'The material is a fully managed moisture transfer fabric, ideal for between 15C to 35C.'
Tell us some more about the technical aspects of the product?
Lightweight Breathable Polyester/Lycra 130 grm
Race fit (None flap)
Full Front Zip for easy access
4 Rear pockets (1 zipped)
50+ UV Ray Protection
45mm silicone Hem grippers
longer length sleeve
Made in the UK
Excellent – better quality than you might expect for the price.
Not as breathable as some of Lusso's own alternatives.
Early days, but looking like new after plenty of wear and washing.
Snug, race-fit garment. Well proportioned throughout.
There are cheaper jerseys, but here you get outstanding quality, great fit and style, for an affordable price. Breathability is not what some might want though.
How easy is the product to care for? How did it respond to being washed?
Standard 30 degree cycle. Comes out fine.
Tell us how the product performed overall when used for its designed purpose
Comfortable, snug race-fit but lacks the breathability of some similar race-orientated jerseys.
Tell us what you particularly liked about the product
Comfortable fit that doesn't budge.
Tell us what you particularly disliked about the product
Breathability not great.
How does the price compare to that of similar products in the market, including ones recently tested on road.cc?
Not the cheapest: Primal's Pixel 8 is £10 less and Altura's Icon is £54.99. However, there are plenty more expensive ones out there – Velocio's Breton is £142.
Did you enjoy using the product? Yes
Would you consider buying the product? No
Would you recommend the product to a friend? Yes
Use this box to explain your overall score
Great fit, comfortable and a reasonable price tag, but lacks the breathability that might be expected from what is labelled as a 'performance summer technical garment'.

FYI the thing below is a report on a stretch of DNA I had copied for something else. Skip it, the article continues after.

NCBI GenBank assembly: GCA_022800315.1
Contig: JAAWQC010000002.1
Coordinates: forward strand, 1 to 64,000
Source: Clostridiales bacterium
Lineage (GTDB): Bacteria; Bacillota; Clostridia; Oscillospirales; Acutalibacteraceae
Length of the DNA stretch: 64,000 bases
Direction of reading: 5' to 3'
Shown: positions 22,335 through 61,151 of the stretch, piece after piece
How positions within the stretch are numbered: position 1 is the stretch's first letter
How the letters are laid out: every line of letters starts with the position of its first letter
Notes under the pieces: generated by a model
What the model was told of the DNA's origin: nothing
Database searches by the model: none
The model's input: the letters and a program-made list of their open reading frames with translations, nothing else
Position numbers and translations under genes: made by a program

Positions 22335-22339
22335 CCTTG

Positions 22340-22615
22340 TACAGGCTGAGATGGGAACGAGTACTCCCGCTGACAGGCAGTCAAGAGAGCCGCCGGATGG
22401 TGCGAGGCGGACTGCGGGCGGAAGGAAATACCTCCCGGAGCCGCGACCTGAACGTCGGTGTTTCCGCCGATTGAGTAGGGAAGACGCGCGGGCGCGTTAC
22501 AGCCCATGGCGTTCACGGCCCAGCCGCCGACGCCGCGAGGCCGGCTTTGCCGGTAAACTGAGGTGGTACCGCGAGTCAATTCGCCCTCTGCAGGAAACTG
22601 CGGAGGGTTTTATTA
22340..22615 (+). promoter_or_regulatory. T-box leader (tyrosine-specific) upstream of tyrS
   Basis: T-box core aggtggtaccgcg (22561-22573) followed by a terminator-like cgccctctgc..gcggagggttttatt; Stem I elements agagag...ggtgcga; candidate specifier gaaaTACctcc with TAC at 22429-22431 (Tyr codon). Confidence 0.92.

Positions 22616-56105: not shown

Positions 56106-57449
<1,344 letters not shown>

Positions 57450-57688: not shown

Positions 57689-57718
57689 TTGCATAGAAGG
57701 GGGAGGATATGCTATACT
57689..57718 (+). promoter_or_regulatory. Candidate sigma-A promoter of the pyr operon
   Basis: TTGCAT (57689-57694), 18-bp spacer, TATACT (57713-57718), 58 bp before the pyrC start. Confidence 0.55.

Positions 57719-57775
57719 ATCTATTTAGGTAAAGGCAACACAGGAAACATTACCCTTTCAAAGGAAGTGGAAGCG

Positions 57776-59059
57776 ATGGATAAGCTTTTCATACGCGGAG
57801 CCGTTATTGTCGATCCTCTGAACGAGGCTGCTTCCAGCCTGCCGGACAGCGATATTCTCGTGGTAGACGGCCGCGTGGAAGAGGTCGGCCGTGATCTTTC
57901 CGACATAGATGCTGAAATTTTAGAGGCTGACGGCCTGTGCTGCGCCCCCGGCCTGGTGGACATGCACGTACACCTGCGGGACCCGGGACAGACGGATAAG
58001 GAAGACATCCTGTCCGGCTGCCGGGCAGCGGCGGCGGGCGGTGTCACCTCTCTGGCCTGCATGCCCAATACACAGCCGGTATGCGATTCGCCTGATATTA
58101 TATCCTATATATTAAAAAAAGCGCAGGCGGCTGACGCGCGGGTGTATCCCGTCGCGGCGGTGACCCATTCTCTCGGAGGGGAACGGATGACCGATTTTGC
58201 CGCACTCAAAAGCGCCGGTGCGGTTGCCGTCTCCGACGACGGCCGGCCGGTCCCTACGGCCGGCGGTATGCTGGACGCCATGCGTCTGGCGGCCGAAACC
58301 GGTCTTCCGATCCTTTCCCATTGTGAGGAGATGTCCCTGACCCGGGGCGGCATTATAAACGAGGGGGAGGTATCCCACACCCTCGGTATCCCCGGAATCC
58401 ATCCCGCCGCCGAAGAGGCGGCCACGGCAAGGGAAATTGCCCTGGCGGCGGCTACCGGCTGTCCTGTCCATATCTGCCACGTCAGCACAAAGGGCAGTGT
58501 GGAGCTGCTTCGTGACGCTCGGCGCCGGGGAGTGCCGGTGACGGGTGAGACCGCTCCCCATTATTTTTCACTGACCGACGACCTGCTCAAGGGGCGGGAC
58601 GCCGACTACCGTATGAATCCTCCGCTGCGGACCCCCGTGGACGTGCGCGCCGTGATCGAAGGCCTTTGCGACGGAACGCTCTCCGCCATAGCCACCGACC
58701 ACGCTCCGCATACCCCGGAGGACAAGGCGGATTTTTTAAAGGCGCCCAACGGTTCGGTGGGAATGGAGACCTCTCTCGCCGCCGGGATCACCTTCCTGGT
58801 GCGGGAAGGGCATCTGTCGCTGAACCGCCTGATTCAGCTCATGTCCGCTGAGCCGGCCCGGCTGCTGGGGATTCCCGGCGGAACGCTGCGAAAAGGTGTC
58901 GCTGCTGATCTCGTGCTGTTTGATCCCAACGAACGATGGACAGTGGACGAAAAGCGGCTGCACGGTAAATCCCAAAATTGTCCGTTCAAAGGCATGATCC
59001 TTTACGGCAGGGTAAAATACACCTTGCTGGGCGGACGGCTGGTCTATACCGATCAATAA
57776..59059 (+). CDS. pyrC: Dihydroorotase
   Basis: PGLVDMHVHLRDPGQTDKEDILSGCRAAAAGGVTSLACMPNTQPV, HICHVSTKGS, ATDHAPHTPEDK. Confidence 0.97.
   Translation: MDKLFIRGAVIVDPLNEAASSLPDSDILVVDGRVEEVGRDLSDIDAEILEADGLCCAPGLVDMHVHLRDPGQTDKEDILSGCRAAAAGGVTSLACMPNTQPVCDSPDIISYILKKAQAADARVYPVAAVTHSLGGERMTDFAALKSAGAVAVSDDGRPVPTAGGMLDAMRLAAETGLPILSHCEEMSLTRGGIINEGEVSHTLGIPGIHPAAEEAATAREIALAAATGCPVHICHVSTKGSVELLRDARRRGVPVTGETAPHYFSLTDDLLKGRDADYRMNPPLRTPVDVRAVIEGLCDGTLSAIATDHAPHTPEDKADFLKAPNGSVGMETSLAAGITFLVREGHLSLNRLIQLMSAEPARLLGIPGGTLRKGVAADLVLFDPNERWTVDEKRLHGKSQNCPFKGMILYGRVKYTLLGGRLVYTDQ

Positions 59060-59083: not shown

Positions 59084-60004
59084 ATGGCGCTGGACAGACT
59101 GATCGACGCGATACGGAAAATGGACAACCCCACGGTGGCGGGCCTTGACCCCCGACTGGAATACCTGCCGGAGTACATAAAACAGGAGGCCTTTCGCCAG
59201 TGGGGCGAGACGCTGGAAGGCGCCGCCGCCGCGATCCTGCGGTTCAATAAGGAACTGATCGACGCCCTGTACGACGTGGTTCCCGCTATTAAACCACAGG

About the tester
I usually ride: Road My best bike is: Carbon road.
I've been riding for: Over 20 years I ride: Most days I would class myself as: Expert
I regularly do the following types of riding: commuting, touring, club rides, general fitness riding, Getting to grips with off roading too!
Emma’s first encounters with a road bike were in between swimming and running. Soon after competing for GB in the World Age Group Triathlon Championships in Edmonton in 2001 she saw the light and decided to focus on cycling.
After a couple of half decent UK road seasons racing for Leisure Lakes, she went out to Belgium to sample the racing there and spent two years with Lotto-Belisol Ladies team, racing alongside the likes of Sara Carrigan, Grace Verbeke, Rochelle Gilmore and Lizzie Deignan. Emma moved from Lotto-Belisol to Dutch team Redsun, then a new Belgian team of primarily developing riders, where there was less pressure, an opportunity to share her experience and help build a whole new team; a nice way to spend her final years of professional racing.
Since retiring Emma has returned to teaching. When not coercing kids to do maths, she is invariably out on two wheels. In addition to the daily commute, Emma still enjoys getting out on her road bike and having her legs ripped off on the local club rides and chain gangs. She has also developed an addiction to touring, with destinations including Iceland, Georgia and Albania, to mention just a few. There have also been rare sightings of Emma off-road on a mountain bike…